In setting, time of day and place work together to establish mood and atmosphere. This exercise will help you show how places take on different characters according to the conditions under which we experience them. Imagine your character has a favourite place they escape to whenever they feel stressed or need quality alone time.
Describe this setting in words including at least three of senses: We form memories of places not just through vision but the other senses too.
Do this exercise regularly to create memorable locations for your story. Describe the character and what is so lovely about her in words or less, but end with a secret or flaw that not everyone sees. Story characters who are perfect are boring. Great characters are light and shade. The villain Lord Voldemort in J. Imagine a character who witnessed a crime has to identify the perpetrator in a police line-up. Each of the suspects is quite similar looking but there is one vivid aspect of the guilty party that stands out.
When we describe characters, we often reach for the most obvious physical features such as hairstyle and eye colour. See more here ].
Click on a random video and quickly minimize the window before you see anything. Describe the voice of the first person you hear speaking, in detail. Is there any defining characteristic? Is it low, high, raspy, clear? Do they have a stutter or an odd way of starting, pausing, or ending sentences? Thinking about the differences in how people sound and express themselves will help you write characters whose voices are unique and interesting. Now answer these questions:. Begin an opening sentence with a character having died.
Dramatic story openings that leave things unanswered pull the reader in. Why was Miss Emily a monument? Why is she so intriguing to the town and why had nobody seen the inside of her house? How did she die? Faulkner leaves many questions to answer in the course of the story.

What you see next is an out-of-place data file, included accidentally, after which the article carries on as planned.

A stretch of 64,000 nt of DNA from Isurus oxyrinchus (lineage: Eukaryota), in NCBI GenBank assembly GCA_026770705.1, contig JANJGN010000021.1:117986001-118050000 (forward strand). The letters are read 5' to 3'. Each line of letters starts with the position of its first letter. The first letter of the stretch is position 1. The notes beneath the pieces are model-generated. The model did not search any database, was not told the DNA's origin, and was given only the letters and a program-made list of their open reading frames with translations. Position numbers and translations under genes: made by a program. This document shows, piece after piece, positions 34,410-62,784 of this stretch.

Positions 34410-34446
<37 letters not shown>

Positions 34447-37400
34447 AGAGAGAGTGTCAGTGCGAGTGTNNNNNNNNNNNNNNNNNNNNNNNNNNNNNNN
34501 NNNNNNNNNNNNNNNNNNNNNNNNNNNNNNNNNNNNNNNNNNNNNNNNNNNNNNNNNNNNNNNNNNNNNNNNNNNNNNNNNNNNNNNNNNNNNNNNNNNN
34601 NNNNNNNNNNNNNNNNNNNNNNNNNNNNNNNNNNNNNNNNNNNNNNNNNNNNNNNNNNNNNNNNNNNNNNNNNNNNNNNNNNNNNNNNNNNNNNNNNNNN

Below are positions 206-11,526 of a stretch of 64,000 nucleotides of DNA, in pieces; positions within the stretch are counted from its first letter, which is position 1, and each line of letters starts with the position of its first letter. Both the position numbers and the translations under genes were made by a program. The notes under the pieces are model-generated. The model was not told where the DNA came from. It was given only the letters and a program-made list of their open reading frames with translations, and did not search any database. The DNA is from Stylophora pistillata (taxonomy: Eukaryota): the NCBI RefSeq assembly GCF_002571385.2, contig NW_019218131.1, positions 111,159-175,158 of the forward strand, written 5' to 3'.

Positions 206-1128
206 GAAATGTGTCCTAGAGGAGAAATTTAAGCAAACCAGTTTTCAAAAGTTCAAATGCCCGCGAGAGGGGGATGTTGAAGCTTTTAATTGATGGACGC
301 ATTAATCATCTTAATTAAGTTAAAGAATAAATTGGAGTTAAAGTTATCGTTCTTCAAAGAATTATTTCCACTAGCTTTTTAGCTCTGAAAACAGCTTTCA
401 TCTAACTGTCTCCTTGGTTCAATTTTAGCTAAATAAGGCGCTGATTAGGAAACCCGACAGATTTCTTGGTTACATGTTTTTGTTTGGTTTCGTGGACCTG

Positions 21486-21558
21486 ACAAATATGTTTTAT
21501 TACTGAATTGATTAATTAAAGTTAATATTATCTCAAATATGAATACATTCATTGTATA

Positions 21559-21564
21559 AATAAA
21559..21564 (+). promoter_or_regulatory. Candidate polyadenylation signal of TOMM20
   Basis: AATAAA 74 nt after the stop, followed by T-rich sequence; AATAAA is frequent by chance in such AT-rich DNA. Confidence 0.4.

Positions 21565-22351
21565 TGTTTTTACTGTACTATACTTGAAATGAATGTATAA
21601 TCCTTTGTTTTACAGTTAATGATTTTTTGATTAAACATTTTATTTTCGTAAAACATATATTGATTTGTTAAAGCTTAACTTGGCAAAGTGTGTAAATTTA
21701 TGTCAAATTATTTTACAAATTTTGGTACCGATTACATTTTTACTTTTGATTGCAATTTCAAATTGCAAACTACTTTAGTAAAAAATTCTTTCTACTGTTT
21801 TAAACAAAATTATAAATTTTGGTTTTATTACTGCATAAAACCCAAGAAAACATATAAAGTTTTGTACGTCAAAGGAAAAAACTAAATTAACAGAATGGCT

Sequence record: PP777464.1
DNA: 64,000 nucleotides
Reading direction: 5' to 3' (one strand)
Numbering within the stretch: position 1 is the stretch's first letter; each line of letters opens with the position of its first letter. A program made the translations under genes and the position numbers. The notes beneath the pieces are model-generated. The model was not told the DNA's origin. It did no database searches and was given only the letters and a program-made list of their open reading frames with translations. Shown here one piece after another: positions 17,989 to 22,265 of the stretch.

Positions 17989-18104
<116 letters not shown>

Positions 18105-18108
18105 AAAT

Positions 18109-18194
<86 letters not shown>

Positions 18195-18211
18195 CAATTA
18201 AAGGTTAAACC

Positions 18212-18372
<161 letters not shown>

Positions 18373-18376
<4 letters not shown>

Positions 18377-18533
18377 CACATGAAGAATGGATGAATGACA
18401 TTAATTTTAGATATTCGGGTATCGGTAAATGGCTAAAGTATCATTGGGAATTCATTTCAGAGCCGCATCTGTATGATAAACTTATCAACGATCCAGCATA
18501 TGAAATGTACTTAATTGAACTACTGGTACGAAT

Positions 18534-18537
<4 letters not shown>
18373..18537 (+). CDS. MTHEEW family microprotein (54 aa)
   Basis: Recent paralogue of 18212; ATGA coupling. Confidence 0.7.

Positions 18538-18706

Conditionals if, would, could, etc. Great characters have history and can remember and are driven to some extent by important life events. But write a list for each character in your novel about important events in their life, even if we only meet them when they are in their thirties.
Begin a story with a surprising or unusual action. The mundane and everyday can happen in the course of your novel. But keep the most mundane parts of your book for any part but the beginning. An unusual or inexplicable action as an opening creates curiosity. Write a first line that encompasses the whole of a story idea. Being able to condense your story into a single line is a good skill to have. Imagine a character describing her wedding day. Writing the above scenario this way can be very effective if you will later show how the event did not go to plan at all.
It will let you create a contrast between expectation and reality and this element of surprise is a satisfying component of storytelling. Your character is a high school student who has just sat his exams. Describe the exams he has completed in the recent past tense e. Past perfect tense is useful for creating anticipation, because it shows something happened before something else. Describe a character waiting nervously outside a venue for a job interview.